Even though they aren’t household names, Daniel Jurney “D. J.” and Alzena Diggs were two of the most important influences in the annals of Oklahoma City’s civil rights history. Born in the Reconstruction south in the 1870s, they were a full generation older than more recognizable figures in the struggle for equality. A successful real estate developer, D. J. Diggs, often called “Papa Diggs”, served many years on the boards of the local chapter of the Urban League, YMCA, and the National Association for the Advancement of Colored People. He was known throughout the community for his cheerful personality, quick wit, endless generosity and sincerity. In 1957, the Diggs had become concerned about the lack of youth participation in the NAACP and they insisted that, young, dynamic history teacher Clara Luper take charge of the NAACP Youth Council. A year later Luper and the Youth Council began the sit-ins that would define Oklahoma City’s civil rights history and bring about the end of segregation in the city.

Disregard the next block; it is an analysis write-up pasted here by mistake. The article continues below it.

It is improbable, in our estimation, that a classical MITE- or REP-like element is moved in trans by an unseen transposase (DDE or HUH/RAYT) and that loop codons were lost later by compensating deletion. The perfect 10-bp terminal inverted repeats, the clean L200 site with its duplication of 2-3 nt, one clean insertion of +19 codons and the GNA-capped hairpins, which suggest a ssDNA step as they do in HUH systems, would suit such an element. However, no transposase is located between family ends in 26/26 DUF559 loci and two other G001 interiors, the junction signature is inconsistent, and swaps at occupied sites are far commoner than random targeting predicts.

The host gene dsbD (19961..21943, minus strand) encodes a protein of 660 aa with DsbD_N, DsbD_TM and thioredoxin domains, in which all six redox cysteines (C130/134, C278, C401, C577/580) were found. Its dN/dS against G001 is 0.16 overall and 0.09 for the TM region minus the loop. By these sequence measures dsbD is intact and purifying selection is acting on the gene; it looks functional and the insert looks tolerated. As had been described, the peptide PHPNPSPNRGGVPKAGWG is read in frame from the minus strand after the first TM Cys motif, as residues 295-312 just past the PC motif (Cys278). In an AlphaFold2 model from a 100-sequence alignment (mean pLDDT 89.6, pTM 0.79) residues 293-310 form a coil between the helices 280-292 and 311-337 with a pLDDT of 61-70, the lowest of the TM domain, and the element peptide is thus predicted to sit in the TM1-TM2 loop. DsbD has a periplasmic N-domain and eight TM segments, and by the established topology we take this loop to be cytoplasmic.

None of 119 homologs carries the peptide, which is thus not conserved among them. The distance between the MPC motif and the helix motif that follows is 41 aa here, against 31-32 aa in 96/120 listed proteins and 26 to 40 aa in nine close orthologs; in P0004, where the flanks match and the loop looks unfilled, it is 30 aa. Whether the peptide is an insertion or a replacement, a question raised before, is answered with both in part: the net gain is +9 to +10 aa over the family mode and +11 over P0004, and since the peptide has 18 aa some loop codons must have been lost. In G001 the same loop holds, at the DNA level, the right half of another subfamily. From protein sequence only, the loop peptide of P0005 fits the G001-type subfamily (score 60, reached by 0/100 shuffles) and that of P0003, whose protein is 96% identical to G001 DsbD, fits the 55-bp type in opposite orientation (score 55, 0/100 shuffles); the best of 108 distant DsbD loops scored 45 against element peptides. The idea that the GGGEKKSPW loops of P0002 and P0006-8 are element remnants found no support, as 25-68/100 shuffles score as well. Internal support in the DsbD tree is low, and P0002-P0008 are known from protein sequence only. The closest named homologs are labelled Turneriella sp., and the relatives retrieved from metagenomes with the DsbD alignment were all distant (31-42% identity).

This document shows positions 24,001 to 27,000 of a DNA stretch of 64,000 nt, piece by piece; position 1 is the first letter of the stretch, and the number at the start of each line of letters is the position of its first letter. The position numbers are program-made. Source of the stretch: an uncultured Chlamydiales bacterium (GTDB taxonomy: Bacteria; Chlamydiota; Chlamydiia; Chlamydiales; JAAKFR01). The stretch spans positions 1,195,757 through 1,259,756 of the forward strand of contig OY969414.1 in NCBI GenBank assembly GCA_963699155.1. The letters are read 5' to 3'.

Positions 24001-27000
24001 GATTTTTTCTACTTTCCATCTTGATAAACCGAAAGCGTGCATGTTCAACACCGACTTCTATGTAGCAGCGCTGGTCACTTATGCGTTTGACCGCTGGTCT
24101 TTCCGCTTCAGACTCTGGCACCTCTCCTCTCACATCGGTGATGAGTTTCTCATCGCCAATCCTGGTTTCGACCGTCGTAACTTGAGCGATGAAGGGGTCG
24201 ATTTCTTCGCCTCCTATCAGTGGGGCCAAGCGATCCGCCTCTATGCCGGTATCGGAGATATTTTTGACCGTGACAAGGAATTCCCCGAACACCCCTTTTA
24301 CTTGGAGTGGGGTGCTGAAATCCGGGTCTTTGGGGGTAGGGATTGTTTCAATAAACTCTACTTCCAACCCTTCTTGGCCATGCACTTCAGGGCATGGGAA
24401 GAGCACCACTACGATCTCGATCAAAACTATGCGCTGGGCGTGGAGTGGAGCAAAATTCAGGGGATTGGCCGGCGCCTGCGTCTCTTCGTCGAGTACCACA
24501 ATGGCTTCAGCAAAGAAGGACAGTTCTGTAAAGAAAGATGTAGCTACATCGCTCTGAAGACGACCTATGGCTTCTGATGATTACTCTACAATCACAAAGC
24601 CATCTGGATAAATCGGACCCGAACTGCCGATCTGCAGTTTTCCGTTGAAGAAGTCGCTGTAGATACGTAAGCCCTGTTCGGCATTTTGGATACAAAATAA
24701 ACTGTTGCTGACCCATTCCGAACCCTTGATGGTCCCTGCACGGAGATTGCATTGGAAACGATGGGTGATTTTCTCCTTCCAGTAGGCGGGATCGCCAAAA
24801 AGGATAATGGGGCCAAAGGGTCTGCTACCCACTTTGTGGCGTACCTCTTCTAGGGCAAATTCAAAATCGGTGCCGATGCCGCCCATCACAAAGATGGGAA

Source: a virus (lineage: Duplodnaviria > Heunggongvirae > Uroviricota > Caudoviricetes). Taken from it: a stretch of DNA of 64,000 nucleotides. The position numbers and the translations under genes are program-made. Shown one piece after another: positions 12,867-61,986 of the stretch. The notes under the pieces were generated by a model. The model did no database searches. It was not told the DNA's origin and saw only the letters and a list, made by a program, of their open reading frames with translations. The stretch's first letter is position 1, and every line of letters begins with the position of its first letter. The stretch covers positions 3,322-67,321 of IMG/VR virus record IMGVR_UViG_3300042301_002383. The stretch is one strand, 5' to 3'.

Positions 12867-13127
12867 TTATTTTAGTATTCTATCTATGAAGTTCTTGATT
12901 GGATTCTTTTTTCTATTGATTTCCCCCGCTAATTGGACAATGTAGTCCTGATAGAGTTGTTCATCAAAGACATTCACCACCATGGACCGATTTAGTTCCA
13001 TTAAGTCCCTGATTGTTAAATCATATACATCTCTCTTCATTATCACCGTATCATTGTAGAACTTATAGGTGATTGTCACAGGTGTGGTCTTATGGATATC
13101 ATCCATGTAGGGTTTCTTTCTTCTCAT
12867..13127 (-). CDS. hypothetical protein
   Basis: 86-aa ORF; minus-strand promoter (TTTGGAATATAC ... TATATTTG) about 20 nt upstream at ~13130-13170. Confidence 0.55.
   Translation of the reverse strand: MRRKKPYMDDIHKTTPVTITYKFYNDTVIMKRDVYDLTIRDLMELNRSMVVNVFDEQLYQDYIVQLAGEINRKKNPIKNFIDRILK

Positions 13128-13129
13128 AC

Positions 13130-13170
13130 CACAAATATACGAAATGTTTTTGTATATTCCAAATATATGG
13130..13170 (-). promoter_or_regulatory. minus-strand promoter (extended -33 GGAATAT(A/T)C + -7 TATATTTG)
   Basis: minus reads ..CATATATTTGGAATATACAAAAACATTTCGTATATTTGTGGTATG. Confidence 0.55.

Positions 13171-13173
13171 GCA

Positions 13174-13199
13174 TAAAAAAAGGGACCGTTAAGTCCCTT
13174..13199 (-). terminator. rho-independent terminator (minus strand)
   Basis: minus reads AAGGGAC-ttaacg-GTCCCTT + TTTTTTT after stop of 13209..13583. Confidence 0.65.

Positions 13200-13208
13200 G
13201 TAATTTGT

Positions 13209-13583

The land for this park was acquired by the city in 1962 and was named Daniel J. Diggs Park by the city council in 1970.